Tuesday, April 20, 2010

In review--Contemporary Norway

For All Times
Kirkelig Kulturverksted

Kjetil Bjerkestrand
Piano Poems
Kirkelig Kulturverksted

For All Times marks the Norwegian choir Skruk’s 33rd anniversary. Led by Per Oddvar Hildre, Skruk never ceases to surprise me with its delightful musical exchanges. According to the press notes, the innovative choir embarked on a variety of cross cultural projects with musicians from Central Asia, Central and South America and New Orleans. This retrospective CD features highlights from those musical explorations and also of its many soloists over the years including Palestinian Rim Bana on track 13. Many of the soloists have gone onto experience successful musical careers, as they should. The collection of beautiful voices on this recording could only be called sublime.

What stands out for me is the breadth of the choir’s repertoire. You’ll hear Andes flutes (and percussion), on one piece, Silk Road percussion and instruments on another and New Orleans jazz on still another. You’ll also find European-style choral music with crystal clear soprano vocals. The colorful vocal arrangements and orchestration holds my interest as a listener and I find the music deeply relaxing without putting me to sleep. I enjoy international choir projects and feel deeply moved with music that knows no borders.

Whether this choir is new to you or a classic you’ve known about for decades, I recommend this recording as both an introduction to the Norwegian choral tradition and a marker for previous projects that still feel relevant and fresh today.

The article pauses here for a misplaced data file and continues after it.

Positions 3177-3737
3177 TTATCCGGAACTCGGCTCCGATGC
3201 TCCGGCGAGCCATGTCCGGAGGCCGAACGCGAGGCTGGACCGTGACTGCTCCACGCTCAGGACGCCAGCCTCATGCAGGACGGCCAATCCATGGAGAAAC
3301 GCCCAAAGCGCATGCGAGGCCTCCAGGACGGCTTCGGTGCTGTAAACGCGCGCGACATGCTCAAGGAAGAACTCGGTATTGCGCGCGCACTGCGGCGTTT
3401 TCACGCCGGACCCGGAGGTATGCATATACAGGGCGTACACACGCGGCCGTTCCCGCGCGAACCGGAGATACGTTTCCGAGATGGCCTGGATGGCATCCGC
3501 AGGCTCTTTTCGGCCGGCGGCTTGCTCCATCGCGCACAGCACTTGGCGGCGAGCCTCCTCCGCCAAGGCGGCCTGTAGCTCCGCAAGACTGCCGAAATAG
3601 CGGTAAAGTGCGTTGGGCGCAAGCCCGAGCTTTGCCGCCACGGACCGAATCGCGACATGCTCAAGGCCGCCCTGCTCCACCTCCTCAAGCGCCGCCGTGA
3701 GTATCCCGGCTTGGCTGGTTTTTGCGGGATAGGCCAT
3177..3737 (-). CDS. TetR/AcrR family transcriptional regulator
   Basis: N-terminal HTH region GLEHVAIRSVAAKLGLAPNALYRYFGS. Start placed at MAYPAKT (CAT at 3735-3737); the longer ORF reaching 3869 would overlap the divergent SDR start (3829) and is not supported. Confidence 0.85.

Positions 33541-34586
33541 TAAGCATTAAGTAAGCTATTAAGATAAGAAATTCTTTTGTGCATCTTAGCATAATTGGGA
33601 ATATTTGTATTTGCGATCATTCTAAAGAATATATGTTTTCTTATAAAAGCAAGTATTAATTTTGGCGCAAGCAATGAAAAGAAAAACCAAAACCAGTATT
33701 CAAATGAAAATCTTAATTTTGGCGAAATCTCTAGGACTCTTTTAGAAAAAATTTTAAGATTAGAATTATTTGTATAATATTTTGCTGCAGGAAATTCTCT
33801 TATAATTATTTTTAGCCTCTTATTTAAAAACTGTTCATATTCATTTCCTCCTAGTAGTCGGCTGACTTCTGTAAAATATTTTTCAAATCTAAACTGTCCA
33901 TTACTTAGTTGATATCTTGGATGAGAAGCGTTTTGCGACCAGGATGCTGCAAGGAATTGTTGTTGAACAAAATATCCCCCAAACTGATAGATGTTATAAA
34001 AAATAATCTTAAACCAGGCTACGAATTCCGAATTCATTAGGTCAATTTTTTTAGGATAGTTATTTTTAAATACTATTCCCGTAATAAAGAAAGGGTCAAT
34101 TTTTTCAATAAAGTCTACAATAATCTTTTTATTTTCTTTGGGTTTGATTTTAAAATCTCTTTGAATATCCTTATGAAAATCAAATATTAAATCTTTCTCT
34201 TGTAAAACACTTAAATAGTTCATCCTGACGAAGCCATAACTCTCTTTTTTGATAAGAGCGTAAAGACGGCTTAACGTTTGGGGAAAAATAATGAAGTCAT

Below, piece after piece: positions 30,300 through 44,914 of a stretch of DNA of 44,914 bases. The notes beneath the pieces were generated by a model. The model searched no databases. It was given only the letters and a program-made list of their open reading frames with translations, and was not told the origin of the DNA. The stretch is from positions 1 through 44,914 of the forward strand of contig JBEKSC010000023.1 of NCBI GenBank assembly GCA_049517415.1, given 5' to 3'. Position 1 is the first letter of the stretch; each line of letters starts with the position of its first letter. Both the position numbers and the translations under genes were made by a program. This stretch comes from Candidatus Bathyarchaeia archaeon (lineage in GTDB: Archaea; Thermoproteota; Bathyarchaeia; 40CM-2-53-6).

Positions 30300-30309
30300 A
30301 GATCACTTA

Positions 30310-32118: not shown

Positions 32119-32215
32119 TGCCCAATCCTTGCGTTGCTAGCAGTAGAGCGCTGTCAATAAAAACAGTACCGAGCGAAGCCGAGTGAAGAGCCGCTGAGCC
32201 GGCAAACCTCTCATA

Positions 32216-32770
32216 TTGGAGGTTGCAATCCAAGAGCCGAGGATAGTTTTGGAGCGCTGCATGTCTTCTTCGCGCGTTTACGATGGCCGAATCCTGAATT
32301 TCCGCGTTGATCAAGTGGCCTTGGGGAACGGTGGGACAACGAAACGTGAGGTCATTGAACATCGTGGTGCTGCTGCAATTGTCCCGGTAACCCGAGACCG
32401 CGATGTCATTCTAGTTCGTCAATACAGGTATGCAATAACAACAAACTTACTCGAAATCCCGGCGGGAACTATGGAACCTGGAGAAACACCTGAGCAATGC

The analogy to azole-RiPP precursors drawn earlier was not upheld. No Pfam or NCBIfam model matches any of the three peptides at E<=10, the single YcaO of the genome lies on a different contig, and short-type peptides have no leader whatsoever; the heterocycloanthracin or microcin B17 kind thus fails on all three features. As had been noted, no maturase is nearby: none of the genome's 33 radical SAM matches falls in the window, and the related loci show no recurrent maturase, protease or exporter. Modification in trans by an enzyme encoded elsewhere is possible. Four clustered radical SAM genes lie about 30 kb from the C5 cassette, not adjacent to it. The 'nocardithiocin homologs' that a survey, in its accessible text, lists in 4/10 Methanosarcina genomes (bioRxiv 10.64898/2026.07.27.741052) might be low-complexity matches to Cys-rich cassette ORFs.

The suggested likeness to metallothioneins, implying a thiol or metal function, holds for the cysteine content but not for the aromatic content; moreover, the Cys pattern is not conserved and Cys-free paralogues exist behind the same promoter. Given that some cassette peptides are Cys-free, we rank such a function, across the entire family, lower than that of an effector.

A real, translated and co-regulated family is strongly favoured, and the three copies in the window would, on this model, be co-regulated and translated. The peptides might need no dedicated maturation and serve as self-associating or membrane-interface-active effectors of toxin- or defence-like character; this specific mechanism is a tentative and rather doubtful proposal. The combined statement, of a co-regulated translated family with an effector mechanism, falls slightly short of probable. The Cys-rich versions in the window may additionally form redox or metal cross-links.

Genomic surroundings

At Fifty-four years Norwegian pianist/organist/keyboardist Kjetil Bjerkestrand makes his solo debut Piano Poems. While I’m a fan of piano music, I favor jazz, Latin jazz and European classical. Piano Poems will no doubt provide a reflective even meditative pool for many listeners. However, I find the music here slightly melancholic and the electronic elements (though subtle) distract me. The collection of songs falls into new age piano with some hints of classical and other genres.

However, don’t let my personal taste deter you from at least listening to Bjerkestrand’s solo efforts. He has an ear for melody and he’s light on the keys. He also holds an esteemed place in Norway as a session player. The press notes cite, "‘Una corda’ means ‘one string’. This musical expression is used in written piano music to indicate that the composer wants to soften the note, and this is accomplished when the pianist presses the leftmost pedal so that only two of the three strings for each tone are sounded.”

Piano Poems provides agreeable background music for meditation, but not for work that involves driving or operating machinery. The music possesses relaxing qualities and would be ideal for energy and massage therapy, but please check with your clients first since some people do not enjoy synthesizers. Fortunately the core of the album revolves around a Steinway piano, which in itself sounds gorgeous. And fans of new age piano music, such as work by Peter Kater, would enjoy this recording.


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